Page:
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Jarrod Moors profile

PhD candidate studying genetic and environmental causes of metabolic disease in Māori and Pacific populations

Jarrod Moors

Jarrod was born in New Zealand and raised in Samoa. She holds a BSc and a PGDipSci in anatomy and structural biology and is a recipient of the Full Circle Theme: Genetics of Māori and Pacific Health Summer Scholarship.

She completed her master's in biochemistry that investigated the genetic, biochemical, and environmental risk factors influencing the metabolic health, particularly obesity and diabetes, of Pacific adolescents.

Jarrod has continued to further enrich her knowledge and passion by securing a NZ Health Research Council PhD scholarship that has funded her PhD studies.

Health outcomes for Māori and Pacific are poor compared to Europeans in New Zealand. Dyslipidaemia, a key component of the metabolic syndrome, is commonly observed in gout patients. The presence of gout has consistently been observed with elevated levels of triglyceride, total cholesterol, LDL cholesterol and apolipoprotein B, all well-established risk factors for cardiovascular diseases (CVD). Gout is also associated with lowering of HDL cholesterol and apolipoprotein A-1 levels, both having a protective role in development of CVD, and there seems to be a genetic difference in control between different Polynesian populations.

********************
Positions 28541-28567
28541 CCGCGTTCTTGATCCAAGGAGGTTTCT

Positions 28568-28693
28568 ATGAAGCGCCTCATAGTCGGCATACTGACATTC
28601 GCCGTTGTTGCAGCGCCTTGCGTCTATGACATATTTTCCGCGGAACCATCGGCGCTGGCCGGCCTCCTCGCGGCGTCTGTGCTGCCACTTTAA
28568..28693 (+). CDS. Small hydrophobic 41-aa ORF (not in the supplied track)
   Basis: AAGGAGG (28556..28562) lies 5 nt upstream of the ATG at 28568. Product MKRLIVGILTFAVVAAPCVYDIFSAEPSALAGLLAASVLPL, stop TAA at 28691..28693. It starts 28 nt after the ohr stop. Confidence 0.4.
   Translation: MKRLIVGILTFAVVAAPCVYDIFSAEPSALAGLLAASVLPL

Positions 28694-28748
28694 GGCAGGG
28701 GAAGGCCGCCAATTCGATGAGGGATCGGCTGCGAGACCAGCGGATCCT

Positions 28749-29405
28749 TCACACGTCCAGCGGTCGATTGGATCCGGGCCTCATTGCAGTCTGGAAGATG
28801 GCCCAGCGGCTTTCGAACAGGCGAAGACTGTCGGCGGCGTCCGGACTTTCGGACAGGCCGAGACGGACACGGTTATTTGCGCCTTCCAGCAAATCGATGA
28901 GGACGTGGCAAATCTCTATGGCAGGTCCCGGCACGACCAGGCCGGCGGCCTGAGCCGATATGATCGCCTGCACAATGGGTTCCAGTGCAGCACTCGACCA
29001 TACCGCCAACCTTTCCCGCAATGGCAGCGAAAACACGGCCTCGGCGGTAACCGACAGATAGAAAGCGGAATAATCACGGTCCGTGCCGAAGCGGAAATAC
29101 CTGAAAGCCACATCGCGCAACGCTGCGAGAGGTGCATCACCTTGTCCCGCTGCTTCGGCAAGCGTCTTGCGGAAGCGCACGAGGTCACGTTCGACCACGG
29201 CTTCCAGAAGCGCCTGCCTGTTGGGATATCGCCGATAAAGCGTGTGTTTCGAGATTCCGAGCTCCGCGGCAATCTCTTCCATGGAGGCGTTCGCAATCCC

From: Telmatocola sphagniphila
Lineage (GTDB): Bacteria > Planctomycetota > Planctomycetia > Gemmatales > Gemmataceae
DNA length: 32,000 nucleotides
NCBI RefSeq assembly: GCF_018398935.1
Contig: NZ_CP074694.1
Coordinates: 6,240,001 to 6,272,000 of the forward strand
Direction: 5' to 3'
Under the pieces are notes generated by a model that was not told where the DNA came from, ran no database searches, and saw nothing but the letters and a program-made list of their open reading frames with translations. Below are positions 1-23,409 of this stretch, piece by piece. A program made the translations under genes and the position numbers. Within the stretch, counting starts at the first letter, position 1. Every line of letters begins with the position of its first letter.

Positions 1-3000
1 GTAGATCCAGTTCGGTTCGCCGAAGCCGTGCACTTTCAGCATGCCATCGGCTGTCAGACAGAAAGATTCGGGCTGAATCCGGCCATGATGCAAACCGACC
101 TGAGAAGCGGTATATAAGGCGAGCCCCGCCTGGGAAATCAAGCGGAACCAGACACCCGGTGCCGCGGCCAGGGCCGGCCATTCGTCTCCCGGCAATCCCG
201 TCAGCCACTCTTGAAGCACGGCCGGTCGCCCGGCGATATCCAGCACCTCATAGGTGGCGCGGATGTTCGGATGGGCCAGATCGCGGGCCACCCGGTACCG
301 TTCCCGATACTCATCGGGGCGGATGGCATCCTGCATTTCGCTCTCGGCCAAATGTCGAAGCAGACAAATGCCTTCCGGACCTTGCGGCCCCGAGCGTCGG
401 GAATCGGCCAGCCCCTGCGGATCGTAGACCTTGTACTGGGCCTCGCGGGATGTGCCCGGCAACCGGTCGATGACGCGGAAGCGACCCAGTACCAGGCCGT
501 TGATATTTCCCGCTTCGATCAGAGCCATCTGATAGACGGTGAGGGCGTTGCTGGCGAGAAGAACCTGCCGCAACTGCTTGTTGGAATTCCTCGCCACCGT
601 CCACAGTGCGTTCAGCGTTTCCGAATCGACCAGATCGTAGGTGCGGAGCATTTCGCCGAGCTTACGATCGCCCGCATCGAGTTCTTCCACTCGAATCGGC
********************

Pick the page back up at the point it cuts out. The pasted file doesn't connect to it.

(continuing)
Jarrod’s PhD evaluates the genetic and environmental causes of serum lipid profiles, and by extension, metabolic disease in Polynesians. This research could make a valuable contribution to Pacific health by identifying pathways that could be targeted in treating and preventing metabolic disorders to which Polynesians are more susceptible.

Professor Tony Merriman, Biochemistry, and Dr Mele Taumoepeau, Psychology, supervise Jarrod.

Publication:

Moors, J. (2016). A Metabolic Health Study of Pacific Adolescents: Investigating the metabolic health of Pacific adolescents in New Zealand: Environmental and genetic risk factors. (Thesis, Master of Science). University of Otago. Retrieved from http://hdl.handle.net/10523/6208

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